The People's Design Library includes, among other guides, a how-to on establishing a community garden, like this one in Dallas. Megan/Flickr

The People’s Design Library gives neighbors the reins on public-space projects.

There’s a lot to consider in designing effective public space: accessibility, walkability, a pleasant ratio of infrastructure to greenery. But there’s also a consensus: community action is essential.

A new resource launched in February by the Texas-based nonprofit buildingcommunityWORKSHOP makes it a whole lot easier for community members to articulate what, exactly, they want from their public spaces—and to accomplish whatever that may be themselves. It’s called the People’s Design Library, but it’s not a library so much as it is a digital aggregate of guides and planning documents that activists, designers, and neighbors can access at any time.  

(Lizzie MacWillie/bcWORKSHOP)

“There are so many common issues that come up in community association meetings,” says Lizzie MacWillie, the senior design manager at bcWORKSHOP, which was founded in 2007. “People want to know how to deal with illegal trash dumping and speeding cars, but they’re also interested in beautification projects. We often hear: how can we start a community garden? How can we get our own Little Free Library?”

The documents accessible through the People’s Design Library make visible the range of possibilities for neighborhood development, and provide manuals to help bring those projects about. The website is divided into three parts: guides, inspiration, and bcWORKSHOP publications. “We just thought: the how-to’s are one thing, but it’s also important for people to see successful models for these types of projects,” MacWillie says.

The guides apply to a range of skill levels, so those averse to wielding a drill, MacWillie says, shouldn’t be deterred. Some guides, like a how-to on weatherizing buildings, require technical expertise to see through, but others are more organizationally driven: the Neighborhood Stories Project Guide, for example, offers instructions for jump-starting a local oral history project, and the PARK(ing) Day Manual shows communities how they can turn parking spaces for cars into mini public parks.

The documents in the People’s Design Library also enable residents to better articulate their needs to municipal agencies. “If you want to approach a city and be able to quantifiably say you want better sidewalks, there’s a language and a vocabulary for that,” MacWillie says. Asking for “better sidewalks” means asking for a particular width, particular amenities, particular kinds of trees—but without knowledge of what a request entails, it can fizzle out when it reaches the city government, she adds.

Though the People’s Design Library originated from the Dallas branch of bcWORKSHOP, MacWillie says the tools contained within it can inform any city. And when the Dallas office moves buildings in July, she adds that the digital toolkit may be supplemented by a physical one: in addition to housing printed versions of the materials, MacWillie hopes that the space will allow for a tool-lending library, from which residents could borrow cameras, tape measures, and assorted necessities. “That way, when neighborhoods identify something they want to work on, they’ll have access to a process, but also the physical tools needed to carry out these projects,” she says.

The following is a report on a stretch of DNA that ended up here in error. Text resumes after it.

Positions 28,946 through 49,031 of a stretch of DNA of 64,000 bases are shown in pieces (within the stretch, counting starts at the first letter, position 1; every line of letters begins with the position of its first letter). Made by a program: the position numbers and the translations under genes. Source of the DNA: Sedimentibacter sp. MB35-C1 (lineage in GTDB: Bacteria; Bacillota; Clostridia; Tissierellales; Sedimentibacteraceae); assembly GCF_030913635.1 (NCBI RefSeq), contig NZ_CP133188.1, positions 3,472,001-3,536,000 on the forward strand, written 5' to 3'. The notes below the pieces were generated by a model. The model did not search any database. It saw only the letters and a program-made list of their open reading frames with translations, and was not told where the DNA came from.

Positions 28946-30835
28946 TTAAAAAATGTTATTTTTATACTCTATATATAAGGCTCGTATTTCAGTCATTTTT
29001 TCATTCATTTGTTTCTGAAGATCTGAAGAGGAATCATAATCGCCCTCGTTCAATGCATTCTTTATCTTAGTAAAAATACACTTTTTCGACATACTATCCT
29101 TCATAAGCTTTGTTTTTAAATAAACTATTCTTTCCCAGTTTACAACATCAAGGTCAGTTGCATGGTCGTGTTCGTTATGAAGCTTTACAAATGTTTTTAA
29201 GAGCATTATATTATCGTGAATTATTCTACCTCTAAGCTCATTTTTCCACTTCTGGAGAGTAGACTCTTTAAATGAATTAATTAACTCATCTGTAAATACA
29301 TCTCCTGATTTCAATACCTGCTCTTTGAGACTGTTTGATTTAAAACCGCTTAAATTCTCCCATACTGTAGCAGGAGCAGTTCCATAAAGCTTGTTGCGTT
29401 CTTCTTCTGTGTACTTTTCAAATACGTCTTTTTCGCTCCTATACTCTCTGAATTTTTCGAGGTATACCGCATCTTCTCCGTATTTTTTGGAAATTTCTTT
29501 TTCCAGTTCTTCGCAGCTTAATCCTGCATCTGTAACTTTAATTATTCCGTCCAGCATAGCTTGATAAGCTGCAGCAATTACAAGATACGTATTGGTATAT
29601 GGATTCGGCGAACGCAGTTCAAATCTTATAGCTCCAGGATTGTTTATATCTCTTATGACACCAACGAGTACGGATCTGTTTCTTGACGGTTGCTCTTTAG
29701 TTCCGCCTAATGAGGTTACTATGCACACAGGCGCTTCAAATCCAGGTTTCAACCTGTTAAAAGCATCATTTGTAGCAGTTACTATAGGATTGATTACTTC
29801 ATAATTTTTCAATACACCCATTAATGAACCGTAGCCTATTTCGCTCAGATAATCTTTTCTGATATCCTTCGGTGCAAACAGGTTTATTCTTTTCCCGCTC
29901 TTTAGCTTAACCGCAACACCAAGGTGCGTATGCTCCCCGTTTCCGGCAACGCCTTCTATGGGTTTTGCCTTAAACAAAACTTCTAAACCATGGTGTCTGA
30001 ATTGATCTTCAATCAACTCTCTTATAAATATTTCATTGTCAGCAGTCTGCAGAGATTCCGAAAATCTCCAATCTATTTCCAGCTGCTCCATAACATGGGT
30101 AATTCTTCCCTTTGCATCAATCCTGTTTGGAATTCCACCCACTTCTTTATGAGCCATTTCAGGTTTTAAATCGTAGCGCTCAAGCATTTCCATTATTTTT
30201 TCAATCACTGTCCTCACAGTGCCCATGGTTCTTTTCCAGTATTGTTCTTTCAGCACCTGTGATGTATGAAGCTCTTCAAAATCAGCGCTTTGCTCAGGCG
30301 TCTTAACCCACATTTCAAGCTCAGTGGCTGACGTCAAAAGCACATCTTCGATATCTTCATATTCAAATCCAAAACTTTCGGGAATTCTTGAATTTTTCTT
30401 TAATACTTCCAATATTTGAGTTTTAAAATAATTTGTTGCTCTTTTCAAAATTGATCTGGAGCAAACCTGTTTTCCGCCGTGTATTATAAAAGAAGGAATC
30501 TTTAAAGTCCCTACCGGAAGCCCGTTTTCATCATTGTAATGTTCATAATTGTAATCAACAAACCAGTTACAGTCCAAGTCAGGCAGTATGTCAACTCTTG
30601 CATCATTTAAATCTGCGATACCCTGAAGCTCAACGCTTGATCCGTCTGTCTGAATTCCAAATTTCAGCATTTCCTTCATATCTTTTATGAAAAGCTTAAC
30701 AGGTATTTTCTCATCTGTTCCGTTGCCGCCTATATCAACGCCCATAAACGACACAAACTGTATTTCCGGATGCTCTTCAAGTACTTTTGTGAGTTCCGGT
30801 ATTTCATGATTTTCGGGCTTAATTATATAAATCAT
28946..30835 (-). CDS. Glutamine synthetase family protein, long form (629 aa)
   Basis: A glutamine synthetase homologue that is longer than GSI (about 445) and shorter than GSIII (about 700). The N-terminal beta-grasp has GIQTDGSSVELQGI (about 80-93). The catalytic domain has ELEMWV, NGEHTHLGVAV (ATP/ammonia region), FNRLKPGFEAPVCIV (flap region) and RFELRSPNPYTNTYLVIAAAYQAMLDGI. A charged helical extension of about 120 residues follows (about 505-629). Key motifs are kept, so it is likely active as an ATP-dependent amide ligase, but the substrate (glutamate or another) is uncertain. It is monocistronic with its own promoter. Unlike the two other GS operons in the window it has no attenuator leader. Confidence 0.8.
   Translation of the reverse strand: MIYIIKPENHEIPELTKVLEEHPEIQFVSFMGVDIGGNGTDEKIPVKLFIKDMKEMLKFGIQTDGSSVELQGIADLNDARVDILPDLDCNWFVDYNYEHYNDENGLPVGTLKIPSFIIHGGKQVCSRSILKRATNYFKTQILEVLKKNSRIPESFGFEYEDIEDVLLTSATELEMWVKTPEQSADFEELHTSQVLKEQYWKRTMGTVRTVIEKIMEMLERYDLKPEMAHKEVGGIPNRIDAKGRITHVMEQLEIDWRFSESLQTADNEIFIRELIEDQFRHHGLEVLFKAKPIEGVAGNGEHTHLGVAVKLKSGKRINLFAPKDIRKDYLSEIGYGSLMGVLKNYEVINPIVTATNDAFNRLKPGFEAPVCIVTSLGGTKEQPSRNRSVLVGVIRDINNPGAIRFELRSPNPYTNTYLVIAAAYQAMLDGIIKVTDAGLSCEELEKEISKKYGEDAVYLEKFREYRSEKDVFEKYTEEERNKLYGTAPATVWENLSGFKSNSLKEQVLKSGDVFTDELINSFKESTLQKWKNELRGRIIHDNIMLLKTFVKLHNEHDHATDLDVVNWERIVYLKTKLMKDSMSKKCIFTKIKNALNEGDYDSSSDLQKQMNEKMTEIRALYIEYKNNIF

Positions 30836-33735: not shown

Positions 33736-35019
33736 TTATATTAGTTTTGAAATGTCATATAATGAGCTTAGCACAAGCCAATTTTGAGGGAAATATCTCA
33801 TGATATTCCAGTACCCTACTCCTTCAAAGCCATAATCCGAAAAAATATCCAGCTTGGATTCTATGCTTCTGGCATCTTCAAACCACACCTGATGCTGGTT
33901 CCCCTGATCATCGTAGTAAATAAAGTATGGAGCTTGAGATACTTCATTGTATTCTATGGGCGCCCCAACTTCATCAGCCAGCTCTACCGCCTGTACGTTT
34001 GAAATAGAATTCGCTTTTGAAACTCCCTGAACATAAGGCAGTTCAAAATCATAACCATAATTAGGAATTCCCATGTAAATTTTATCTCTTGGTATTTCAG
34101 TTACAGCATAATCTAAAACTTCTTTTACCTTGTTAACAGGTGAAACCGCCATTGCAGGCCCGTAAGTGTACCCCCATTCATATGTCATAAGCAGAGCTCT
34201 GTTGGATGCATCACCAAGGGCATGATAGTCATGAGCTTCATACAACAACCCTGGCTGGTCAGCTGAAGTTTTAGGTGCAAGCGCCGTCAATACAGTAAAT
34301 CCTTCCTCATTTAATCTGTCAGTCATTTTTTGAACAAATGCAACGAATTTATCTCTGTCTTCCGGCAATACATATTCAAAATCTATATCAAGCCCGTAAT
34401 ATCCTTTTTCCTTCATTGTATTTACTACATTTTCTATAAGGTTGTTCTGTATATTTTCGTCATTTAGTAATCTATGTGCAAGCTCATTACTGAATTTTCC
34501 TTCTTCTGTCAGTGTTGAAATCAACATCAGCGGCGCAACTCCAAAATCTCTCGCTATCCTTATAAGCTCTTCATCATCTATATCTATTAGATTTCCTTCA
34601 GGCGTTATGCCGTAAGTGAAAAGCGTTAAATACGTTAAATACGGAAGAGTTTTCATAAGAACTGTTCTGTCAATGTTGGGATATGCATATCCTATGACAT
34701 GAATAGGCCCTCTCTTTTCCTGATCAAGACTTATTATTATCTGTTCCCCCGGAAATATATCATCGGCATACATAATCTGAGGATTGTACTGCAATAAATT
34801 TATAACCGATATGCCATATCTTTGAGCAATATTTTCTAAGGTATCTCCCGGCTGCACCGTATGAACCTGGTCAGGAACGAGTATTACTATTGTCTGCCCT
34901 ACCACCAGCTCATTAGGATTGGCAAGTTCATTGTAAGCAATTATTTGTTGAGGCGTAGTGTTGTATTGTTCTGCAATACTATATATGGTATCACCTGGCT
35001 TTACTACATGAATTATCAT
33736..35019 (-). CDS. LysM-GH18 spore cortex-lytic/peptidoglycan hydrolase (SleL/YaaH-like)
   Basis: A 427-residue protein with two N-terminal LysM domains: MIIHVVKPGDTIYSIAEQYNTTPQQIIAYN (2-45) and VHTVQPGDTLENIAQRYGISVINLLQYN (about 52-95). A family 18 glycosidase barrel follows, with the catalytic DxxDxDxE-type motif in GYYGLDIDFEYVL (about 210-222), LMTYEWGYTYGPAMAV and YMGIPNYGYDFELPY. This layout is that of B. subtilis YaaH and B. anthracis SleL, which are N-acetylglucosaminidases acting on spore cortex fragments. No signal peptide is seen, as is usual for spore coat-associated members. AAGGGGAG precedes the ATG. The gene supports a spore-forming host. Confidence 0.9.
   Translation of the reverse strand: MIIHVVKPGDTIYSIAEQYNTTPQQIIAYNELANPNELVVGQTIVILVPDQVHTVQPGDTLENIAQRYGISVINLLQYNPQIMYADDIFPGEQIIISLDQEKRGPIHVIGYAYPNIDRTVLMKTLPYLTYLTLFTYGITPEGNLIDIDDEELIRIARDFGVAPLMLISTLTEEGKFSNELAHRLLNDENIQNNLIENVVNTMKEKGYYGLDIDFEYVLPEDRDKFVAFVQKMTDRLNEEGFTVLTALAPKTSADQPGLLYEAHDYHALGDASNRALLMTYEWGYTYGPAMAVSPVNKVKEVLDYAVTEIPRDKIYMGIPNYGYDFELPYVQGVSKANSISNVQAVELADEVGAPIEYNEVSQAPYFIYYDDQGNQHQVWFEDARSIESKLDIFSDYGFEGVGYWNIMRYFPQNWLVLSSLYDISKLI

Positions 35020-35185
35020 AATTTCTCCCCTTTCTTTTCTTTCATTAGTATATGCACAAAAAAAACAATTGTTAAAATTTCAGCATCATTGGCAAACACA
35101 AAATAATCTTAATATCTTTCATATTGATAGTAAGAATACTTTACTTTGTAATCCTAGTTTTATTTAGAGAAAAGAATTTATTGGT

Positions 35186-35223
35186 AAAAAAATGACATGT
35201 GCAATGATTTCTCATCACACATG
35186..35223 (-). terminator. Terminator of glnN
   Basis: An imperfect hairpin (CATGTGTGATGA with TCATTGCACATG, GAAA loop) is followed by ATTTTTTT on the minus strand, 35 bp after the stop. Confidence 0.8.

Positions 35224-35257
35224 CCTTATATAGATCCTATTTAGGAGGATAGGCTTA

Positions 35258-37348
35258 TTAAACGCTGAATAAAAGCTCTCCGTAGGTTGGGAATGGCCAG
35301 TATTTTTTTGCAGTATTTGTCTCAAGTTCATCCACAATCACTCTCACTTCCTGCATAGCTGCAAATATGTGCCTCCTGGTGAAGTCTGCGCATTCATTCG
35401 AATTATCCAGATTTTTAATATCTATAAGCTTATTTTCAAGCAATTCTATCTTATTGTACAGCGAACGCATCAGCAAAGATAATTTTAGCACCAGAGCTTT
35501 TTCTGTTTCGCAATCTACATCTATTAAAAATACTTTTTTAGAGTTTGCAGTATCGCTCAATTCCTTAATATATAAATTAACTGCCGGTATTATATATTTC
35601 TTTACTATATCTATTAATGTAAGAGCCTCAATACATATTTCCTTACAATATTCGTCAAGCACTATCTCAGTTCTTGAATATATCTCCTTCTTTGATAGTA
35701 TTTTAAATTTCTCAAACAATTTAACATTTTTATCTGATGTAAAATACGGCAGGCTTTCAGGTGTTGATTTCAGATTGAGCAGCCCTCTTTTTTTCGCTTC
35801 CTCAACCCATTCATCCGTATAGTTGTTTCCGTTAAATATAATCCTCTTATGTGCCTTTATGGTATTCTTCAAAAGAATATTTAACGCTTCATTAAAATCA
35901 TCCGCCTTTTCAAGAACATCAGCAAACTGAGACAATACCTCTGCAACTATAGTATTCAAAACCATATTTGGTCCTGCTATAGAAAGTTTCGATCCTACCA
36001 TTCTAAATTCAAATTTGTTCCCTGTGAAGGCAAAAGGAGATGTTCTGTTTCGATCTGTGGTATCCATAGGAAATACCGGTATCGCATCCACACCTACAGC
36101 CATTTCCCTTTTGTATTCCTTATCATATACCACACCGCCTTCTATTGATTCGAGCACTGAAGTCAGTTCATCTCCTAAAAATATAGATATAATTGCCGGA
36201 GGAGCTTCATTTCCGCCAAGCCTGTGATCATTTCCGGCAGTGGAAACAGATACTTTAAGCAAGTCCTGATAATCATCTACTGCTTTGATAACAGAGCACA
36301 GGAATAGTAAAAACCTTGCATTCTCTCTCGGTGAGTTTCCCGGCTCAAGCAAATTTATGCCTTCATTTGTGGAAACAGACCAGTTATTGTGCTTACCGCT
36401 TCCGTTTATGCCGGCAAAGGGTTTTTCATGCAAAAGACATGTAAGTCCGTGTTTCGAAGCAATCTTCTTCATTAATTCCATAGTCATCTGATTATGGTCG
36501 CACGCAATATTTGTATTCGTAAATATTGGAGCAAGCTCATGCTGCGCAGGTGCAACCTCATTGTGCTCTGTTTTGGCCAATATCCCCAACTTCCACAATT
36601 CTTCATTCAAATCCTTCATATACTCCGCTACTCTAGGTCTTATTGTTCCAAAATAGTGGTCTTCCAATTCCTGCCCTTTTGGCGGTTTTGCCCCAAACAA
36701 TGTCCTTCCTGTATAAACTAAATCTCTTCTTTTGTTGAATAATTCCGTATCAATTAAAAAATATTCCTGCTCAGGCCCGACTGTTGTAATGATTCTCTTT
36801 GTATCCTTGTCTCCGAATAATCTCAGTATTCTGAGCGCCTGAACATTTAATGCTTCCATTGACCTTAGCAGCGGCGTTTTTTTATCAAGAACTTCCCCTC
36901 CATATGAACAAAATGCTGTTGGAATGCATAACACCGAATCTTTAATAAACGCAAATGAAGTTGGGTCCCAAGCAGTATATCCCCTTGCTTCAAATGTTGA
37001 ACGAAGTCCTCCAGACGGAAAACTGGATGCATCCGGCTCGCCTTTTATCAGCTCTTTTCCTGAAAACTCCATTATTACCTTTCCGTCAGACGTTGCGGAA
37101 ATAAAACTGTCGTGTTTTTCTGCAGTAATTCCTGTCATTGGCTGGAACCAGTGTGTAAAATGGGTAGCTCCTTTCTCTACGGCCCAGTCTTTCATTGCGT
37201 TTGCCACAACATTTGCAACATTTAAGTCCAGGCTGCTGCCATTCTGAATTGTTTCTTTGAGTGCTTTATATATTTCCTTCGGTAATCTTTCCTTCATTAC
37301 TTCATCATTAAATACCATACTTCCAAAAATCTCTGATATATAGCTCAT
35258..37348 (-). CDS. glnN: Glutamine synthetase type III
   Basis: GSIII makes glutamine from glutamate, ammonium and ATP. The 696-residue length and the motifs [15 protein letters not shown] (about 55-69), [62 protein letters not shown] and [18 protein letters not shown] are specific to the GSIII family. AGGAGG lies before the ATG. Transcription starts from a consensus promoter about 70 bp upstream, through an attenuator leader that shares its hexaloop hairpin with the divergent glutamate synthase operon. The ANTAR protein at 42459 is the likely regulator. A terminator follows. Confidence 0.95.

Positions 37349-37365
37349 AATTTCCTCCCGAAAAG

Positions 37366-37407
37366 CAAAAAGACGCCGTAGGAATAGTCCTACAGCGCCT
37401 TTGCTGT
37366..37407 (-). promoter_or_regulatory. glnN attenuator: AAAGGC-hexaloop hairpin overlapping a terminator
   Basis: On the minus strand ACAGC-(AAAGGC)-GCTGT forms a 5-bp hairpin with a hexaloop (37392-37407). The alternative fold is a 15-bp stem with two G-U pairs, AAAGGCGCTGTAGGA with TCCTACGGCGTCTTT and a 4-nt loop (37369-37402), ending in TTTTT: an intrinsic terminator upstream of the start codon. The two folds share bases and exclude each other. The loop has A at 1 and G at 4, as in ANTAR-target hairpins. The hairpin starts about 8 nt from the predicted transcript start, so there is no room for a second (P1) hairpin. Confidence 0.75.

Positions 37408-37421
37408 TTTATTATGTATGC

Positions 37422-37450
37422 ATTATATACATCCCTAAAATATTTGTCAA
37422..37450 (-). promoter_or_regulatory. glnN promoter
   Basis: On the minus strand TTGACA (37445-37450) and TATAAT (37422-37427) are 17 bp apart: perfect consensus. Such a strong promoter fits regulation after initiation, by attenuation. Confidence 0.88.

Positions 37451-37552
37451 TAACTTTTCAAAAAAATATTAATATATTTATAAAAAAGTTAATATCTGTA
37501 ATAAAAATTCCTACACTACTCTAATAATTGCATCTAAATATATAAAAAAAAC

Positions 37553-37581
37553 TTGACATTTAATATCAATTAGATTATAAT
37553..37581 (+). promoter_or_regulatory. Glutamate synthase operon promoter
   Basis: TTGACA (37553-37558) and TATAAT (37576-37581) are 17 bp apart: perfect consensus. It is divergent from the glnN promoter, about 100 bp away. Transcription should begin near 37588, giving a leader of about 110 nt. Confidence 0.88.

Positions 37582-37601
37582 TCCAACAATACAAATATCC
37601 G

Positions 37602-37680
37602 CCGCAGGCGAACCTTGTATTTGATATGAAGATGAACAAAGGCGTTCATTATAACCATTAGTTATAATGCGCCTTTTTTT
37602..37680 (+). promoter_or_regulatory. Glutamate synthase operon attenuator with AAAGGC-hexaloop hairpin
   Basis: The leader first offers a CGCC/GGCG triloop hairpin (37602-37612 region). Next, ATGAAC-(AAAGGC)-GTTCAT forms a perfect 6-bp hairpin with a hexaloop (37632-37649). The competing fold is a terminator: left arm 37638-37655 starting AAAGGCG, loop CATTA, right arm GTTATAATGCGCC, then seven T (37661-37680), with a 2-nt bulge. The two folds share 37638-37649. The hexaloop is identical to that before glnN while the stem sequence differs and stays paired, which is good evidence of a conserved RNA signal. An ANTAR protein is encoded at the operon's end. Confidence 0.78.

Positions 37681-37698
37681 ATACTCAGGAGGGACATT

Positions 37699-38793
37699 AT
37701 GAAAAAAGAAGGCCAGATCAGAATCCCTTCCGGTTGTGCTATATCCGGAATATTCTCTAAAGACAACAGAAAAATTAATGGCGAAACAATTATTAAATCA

The People’s Design Library is not a fixed entity, MacWillie adds. There’s a portal on the website where people can submit guides and inspirational projects they’ve come across on their own; as communities start to implement the ideas on the site, the Library will grow in response. “We have all these resources around us,” MacWillie says. “This is a way for people to put them to use.”

About the Author

Most Popular

  1. A photo of shoppers in the central textile market of downtown Jakarta.
    Design

    How Cities Design Themselves

    Urban planner Alain Bertaud’s new book, Order Without Design, argues that cities are really shaped by market forces, not visionaries.

  2. Equity

    The ‘Sweeping’ Effect of a $15-an-Hour Job Guarantee

    A new report analyzes the complicated labor market impact of a radical proposal that’s gaining traction on the left.

  3. A photo of an encampment of homeless people outside Minneapolis,
    Equity

    Why Minneapolis Just Made Zoning History

    The ambitious Minneapolis 2040 plan will encourage more dense housing development in single-family neighborhoods.

  4. Students in Chandler, Arizona.
    Equity

    How Corporate Tax Incentives Rob Public School Budgets

    A new Good Jobs First study shows that corporate tax incentives—like those given for Amazon HQ2—have diverted at least $1.8 billion from public schools.

  5. A block of shuttered two-story buildings
    Equity

    Can Poletown Come Back After a General Motors Shutdown?

    The 33-year-old GM Detroit-Hamtramck plant was renovated less than five years ago. But now that it’s shutting down, some residents are hoping to right a wrong.